Khalid Mohamed reviews the twisty courtroom drama Nail Polish, the erotica-fest Paurashpur and a sensitive short film Adivaanam.
Polish or no polish, this is a nail-biter, which gets tighter-‘n’-tighter with the plot opting for so many twists, that this series could have been more aptly titled Aao Twist Karen.
But seriously, this courtroom in U.P. (supposedly Lucknow) with a view purrs, snarls and mews, compelling you to worry-‘n’-flurry, especially about its four principal characters who may or may not be quite clearly way more than meets the eye. Titled Nail Polish (which alas sounds like a Vikram Bhatt steamy-squirmy sex flick), this compact 120-minuter is anything but that. So praise be the lord.
Right-away though, I must admit, that I have an Achilles heel about judges yelling, “Order! Order”, lawyers exhaling, “No more questions milord” (‘janab’ is the buzzword in this case) and a bunch of assorted spectators sitting as still as statues while monitoring the proceedings. Indulging in time-pass or what?
Be that as it may, adapted from some unspecified true events, the screenplay, written and directed by Bugs Bhargava Krishna, triumphs in maintaining a hawk-like vigil on the goodfella Veer Singh (Manav Kaul), an ex-army officer and an undercover spy-now-turned a school sports coach. Hang on though, out of the blue the ‘nice guy’s’ accused of the perverted murders of two children (ouch, were those tummy-turning visuals essential?), which could be linked to a chain of serial killings. Etched as a Good Samaritan of a guy, the spectator is convinced that he’s being framed-‘n’-defamed. Tsk.
Enter, the uber suave defence lawyer Siddharth Jaisingh (Arjun Rampal) who has this habit of hurling darts at a portrait of - shiver your timbers - his dad. Next, within a heartbeat you learn he’s been chosen to plunge into the murky waters of politics, and has even been promised a Rajya Sabha seat. Come on, you don’t have to guess that our champ legal eagle, Sid, can sort out the horrendous mess.
As sharply etched is the public prosecutor lawyer, Amit Kumar (Anand Tiwari), who loves playing Superman-Batman with his kid and hates his dinky car, which needs prayers to get started.
As earnest as a Boy Scout, he’s unwaveringly lucid in his courtroom arguments to ensure that justice prevails. Vague chances are that this spunky David might demolish the Rajya Sabha wannabe Goliath. Suspense, of a Hitchcockian kind, mounts.
Over to the distinguished judge (Rajit Kapur), whose brows are knitted like a chunky sweater. Incidentally after hours, he’s coping with a boozaholic wife (Madhoo Shah always garbed as if she was attending a wedding reception) and somehow steels himself to be impartial, like all exemplary judges should. Fingers and toes crossed.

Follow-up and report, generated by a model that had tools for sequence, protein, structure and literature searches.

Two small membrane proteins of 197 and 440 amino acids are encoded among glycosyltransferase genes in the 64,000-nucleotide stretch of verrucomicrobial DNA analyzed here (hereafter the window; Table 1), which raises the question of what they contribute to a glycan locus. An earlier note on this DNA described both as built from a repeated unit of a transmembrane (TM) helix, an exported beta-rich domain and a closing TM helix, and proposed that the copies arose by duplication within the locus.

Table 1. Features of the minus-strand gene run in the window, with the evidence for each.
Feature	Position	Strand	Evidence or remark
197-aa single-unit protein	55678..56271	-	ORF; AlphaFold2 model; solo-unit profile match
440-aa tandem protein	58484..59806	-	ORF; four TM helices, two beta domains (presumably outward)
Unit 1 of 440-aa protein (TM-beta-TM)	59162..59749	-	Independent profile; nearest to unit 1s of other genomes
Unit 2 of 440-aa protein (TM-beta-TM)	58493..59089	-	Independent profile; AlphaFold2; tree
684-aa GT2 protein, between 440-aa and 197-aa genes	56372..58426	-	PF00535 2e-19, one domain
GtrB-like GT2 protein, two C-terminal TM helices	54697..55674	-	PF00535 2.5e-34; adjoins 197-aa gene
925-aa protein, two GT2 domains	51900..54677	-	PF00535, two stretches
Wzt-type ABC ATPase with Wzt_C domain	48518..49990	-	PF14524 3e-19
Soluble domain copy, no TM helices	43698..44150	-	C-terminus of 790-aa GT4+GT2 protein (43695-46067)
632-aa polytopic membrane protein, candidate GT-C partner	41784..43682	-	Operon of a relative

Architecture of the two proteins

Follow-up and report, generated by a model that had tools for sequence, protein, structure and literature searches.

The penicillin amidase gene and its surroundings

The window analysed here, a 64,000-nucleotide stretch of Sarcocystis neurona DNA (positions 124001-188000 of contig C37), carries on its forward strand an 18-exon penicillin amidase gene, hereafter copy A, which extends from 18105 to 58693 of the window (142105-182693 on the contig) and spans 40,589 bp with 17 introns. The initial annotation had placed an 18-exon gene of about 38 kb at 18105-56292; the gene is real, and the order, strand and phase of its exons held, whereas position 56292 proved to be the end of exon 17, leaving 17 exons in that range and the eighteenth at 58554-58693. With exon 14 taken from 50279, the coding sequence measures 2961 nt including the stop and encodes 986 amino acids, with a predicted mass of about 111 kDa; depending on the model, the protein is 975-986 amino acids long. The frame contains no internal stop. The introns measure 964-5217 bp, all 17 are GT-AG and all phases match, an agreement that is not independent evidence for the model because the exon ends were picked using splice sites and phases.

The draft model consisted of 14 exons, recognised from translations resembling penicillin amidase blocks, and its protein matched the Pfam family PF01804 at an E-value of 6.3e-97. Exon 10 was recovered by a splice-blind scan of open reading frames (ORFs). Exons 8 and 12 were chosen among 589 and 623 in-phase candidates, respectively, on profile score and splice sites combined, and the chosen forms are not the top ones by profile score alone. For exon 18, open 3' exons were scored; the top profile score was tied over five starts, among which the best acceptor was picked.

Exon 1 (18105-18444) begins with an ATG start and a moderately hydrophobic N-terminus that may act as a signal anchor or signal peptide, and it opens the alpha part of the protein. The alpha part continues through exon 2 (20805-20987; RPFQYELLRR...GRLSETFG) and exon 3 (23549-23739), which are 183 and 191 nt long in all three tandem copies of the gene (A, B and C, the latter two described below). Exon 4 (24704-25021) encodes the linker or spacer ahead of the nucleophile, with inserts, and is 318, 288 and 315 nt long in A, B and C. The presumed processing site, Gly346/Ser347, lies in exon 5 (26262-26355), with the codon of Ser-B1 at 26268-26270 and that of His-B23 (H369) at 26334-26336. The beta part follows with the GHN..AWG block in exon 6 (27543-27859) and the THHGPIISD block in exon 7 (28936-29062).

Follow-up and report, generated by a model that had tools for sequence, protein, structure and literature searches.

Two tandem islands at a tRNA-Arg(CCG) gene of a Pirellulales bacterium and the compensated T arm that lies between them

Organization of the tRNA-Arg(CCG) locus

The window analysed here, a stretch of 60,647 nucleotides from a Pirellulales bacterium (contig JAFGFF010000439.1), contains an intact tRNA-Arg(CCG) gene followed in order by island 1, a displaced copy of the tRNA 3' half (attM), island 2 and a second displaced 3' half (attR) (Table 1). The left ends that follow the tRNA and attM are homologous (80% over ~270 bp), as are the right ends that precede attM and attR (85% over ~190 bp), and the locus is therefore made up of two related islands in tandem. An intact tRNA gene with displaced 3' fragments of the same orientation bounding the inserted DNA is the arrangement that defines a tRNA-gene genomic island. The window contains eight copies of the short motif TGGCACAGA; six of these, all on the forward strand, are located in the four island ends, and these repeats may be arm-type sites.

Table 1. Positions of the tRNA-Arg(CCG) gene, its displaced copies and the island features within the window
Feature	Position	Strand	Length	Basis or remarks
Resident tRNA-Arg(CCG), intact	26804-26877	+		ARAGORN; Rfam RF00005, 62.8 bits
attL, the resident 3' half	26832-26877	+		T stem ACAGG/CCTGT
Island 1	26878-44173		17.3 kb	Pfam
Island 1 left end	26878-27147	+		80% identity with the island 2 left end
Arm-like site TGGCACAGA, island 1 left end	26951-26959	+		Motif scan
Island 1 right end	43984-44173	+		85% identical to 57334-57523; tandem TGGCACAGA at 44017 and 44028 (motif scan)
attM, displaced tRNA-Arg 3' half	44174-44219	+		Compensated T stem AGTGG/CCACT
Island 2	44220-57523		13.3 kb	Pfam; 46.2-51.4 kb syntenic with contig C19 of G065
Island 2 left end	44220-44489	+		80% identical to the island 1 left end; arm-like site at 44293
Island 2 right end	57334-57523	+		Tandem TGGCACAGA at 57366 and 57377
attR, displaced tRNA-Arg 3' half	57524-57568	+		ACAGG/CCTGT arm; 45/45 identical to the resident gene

Call it foxy or smart-plotting, the dramaturgy then dares to venture into the psycho-domain. The mind, it is theorised, counts infinitely over matter. Gratifyingly, there isn’t an excessive amount of natter-natter (read dialoguegiri), since the focus is on the implied aberrations of human behaviour. Indeed, it’s this aspect, which makes Nail Polish superior to most of our facile courtroom dramas that start with a bang-bang and end up in a simper whimper.
Inevitably, there are those loopholes aplenty, besides quite a few redundant scenes, like an army officer’s sunny chat-a-tat at the outset, about losing at card games on encountering the suspect at a sports field. Also the ding-dong rants of that wine-glass-toting Mrs Judge, now what in the name of Chardonnay was that?
Moreover, while the shot-takings are neat, the production design is at best functional - perhaps because the project was filmed under the extenuating conditions of the pandemic.
Aah never mind such quibblings, director Bhargava has succeeded in narrating a plausible story against the myriad odds. Above all, here’s a showcase of inspired performances. Manav Kaul, in an author-backed role, has more footage and opportunities to take off on a histrionics exhibition, which he does with thorough conviction. Arjun Rampal discloses maturity and keeps himself at a low, implosive simmer. Come to think of it, his measured body language and voice modulation are among his career-best. Anand Tiwari, theatre and film actor who lately turned director with the first-rate Bandish Bandits, is in terrific form. Underscoring his sense of befuddlement and righteousness alternately, he’s the perfect foil for the more urbane defence lawyer. And Rajit Kapur is correctly restrained.